Face-time and reframing

At a recent workshop for “Practical and professional skills for marketing and business development assistants”  I asked the participants for their views on the most important practical tips that they were taking away. They picked two – one might argue obvious – techniques to help them improve their communications with partners (and clients) and increase buy-in to projects.  Two big guns of communication – Face-time and reframing.

Find face-time

In a high-pressured environment, where there are never enough hours in a day, where attention spans are short, where everyone wants everything faster, where email inboxes overflow and social media remains seductive and addictive, it’s easy to resort to screen based communications.

But we all know that “discussions”, persuasion and negotiation are much better and faster when they are face-to-face. And you really need some face-time up front to establish a strong foundation for a relationship that can then be nurtured online. So step away from the screen. It’s easier to read the non-verbal communication of someone when we are face-to-face and that really helps us to understand what they mean – what is unsaid.

You don’t need a formal meeting. Take a little time to wander around and actually talk to people – face-to-face. How much quicker and more efficient is it to have a five minute conversation to agree something than a 30 email exchange that gets you nowhere?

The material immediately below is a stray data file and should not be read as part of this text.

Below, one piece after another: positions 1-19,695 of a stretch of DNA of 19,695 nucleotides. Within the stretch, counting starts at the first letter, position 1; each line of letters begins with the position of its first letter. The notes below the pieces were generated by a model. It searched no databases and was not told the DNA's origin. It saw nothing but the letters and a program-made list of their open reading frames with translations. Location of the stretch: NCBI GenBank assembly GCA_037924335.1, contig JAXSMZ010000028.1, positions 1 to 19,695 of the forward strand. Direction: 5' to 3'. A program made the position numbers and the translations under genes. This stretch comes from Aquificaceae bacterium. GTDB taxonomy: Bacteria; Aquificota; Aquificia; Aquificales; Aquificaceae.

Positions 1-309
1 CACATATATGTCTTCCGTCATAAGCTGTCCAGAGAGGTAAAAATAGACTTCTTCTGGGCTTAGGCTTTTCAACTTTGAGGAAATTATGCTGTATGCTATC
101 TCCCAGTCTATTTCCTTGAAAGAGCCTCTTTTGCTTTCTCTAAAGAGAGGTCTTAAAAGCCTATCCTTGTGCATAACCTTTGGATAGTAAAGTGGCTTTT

Yep, it’s harder in a network or international environment. But then there’s technology (including Skype and Facetime apps and Teams and Zoom) to facilitate face-time over the Internet. Dialogue not monologue please.

Furthermore, research (Stanford University) suggests that a request made face-to-face is 34 times more likely to be accepted.


Our minds our powerful machines. If we label someone as ”difficult” or “unco-operative” then our internal mental model will ensure that we only ever receive information that confirms our hypothesis. In effect, we create a bias. (There’s more information about cognitive biases here: Changing behaviour in the workplace to boost productivity – psychology (kimtasso.com))

So our initial view is confirmed and contrary information (that the person might actually have a point) is not received. We become closed to new ideas. We avoid conflicting information as cognitive dissonance occurs when our mental model is challenged.  So it becomes a self-fulfilling prophesy. And conflict can then occur.

Assume instead that everyone is working from a positive intent. Question how you have labelled or “framed” the person and how you subsequently interpret their behaviour. Consider reframing them as “creative” or “focused” or in a more positive way and you can then approach them and communicate with a more open mind, to find some common ground rather than to lock horns.

Changing ourselves and the way we think is also easier than changing others. And if we behave differently, we will likely invoke a different response from others.